Generating or adapting equipment and technology to serve user needs.
Equipment Selection
Determining the kind of tools and equipment needed to do a job.
Installation
Installing equipment, machines, wiring, or programs to meet specifications.
Operation and Control
Controlling operations of equipment or systems.
Equipment Maintenance
Performing routine maintenance on equipment and determining when and what kind of maintenance is needed.
Troubleshooting
Determining causes of operating errors and deciding what to do about it.
Repairing
Repairing machines or systems using the needed tools.
Quality Control Analysis
Conducting tests and inspections of products, services, or processes to evaluate quality or performance.

Abilities

Wrist-Finger Speed
The ability to make fast, simple, repeated movements of the fingers, hands, and wrists.
Trunk Strength
The ability to use your abdominal and lower back muscles to support part of the body repeatedly or continuously over time without 'giving out' or fatiguing.
Depth Perception
The ability to judge which of several objects is closer or farther away from you, or to judge the distance between you and an object.
Speed of Limb Movement
The ability to quickly move the arms and legs.
Reaction Time
The ability to quickly respond (with the hand, finger, or foot) to a signal (sound, light, picture) when it appears.
Rate Control
The ability to time your movements or the movement of a piece of equipment in anticipation of changes in the speed and/or direction of a moving object or scene.
Response Orientation
The ability to choose quickly between two or more movements in response to two or more different signals (lights, sounds, pictures). It includes the speed with which the correct response is started with the hand, foot, or other body part.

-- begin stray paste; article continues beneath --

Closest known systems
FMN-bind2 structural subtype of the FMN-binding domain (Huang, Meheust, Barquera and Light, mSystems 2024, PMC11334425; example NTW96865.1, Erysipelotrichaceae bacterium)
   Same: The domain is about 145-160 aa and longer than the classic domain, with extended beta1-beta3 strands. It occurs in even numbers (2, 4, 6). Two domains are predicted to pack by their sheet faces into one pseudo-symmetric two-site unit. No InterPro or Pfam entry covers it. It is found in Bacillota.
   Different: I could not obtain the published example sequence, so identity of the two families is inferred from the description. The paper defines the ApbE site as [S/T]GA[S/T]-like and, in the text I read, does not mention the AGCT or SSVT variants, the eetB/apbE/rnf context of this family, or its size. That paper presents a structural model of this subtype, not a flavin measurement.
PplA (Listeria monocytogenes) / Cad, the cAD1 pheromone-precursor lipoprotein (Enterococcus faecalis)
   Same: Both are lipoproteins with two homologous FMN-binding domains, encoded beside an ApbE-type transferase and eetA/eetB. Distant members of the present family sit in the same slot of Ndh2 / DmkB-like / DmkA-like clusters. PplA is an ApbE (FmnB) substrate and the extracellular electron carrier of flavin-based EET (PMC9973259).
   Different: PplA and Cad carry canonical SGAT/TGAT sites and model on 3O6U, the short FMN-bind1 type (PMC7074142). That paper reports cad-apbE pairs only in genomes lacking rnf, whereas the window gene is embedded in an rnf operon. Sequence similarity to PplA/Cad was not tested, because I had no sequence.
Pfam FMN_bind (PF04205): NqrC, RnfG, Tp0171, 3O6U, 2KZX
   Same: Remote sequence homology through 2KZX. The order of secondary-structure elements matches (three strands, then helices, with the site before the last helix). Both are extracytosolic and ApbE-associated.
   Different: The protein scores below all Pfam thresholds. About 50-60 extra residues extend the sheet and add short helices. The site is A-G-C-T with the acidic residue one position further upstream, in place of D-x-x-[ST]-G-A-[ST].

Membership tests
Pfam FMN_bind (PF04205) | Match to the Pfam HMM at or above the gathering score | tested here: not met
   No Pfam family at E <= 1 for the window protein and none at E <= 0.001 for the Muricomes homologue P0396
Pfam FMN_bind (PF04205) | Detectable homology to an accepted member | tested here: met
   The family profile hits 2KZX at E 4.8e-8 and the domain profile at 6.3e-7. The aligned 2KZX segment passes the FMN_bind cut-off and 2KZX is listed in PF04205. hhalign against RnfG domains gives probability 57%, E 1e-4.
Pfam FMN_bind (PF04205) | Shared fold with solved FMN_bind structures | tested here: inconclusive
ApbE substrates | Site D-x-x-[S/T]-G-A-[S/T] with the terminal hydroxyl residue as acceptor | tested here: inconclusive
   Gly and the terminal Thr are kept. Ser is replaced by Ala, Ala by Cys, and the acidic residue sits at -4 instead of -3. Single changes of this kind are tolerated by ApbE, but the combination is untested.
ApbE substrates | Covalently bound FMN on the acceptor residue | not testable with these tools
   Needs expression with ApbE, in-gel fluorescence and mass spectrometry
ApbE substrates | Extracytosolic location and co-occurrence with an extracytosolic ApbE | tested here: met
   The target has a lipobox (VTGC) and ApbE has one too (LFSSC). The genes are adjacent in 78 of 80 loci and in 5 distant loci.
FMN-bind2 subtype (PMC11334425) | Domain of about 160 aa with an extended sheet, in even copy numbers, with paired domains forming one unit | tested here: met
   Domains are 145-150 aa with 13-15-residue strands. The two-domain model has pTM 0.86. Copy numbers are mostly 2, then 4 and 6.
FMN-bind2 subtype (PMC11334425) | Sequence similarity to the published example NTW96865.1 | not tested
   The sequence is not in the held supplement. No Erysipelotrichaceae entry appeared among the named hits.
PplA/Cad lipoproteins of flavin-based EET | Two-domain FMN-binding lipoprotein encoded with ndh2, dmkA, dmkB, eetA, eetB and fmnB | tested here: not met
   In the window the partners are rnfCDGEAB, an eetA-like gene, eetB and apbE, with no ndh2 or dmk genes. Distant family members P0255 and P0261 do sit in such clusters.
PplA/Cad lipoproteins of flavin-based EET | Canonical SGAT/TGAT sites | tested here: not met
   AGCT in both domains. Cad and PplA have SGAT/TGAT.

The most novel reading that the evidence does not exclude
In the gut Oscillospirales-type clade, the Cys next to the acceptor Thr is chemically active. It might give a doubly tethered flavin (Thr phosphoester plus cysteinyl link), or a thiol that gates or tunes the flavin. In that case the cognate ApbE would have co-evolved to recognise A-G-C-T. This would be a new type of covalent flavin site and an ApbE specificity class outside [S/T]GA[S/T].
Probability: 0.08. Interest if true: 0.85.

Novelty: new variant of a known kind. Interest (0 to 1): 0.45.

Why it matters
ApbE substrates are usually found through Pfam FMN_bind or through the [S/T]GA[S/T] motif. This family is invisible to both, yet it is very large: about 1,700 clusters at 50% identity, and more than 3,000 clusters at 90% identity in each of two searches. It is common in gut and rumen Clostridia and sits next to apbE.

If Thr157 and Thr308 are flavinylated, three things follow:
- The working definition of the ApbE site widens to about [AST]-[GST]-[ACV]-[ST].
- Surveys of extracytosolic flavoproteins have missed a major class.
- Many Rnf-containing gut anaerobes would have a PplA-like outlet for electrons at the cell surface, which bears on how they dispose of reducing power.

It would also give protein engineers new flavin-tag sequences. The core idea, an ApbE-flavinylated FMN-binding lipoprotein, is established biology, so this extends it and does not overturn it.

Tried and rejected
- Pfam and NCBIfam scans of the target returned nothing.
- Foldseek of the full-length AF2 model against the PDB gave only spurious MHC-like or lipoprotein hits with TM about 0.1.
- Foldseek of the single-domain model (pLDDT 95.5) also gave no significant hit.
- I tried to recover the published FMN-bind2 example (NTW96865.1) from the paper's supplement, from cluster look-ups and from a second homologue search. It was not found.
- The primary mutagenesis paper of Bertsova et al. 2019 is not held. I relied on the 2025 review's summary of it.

Multilimb Coordination
The ability to coordinate two or more limbs (for example, two arms, two legs, or one leg and one arm) while sitting, standing, or lying down. It does not involve performing the activities while the whole body is in motion.
Sound Localization
The ability to tell the direction from which a sound originated.
Manual Dexterity
The ability to quickly move your hand, your hand together with your arm, or your two hands to grasp, manipulate, or assemble objects.

Interests

Conventional
Conventional occupations frequently involve following set procedures and routines. These occupations can include working with data and details more than with ideas. Usually there is a clear line of authority to follow.
Investigative
Investigative occupations frequently involve working with ideas, and require an extensive amount of thinking. These occupations can involve searching for facts and figuring out problems mentally.
Enterprising
Enterprising occupations frequently involve starting up and carrying out projects. These occupations can involve leading people and making many decisions. Sometimes they require risk taking and often deal with business.
Realistic
Realistic occupations frequently involve work activities that include practical, hands-on problems and solutions. They often deal with plants, animals, and real-world materials like wood, tools, and machinery. Many of the occupations require working outside, and do not involve a lot of paperwork or working closely with others.
Artistic
Artistic occupations frequently involve working with forms, designs and patterns. They often require self-expression and the work can be done without following a clear set of rules.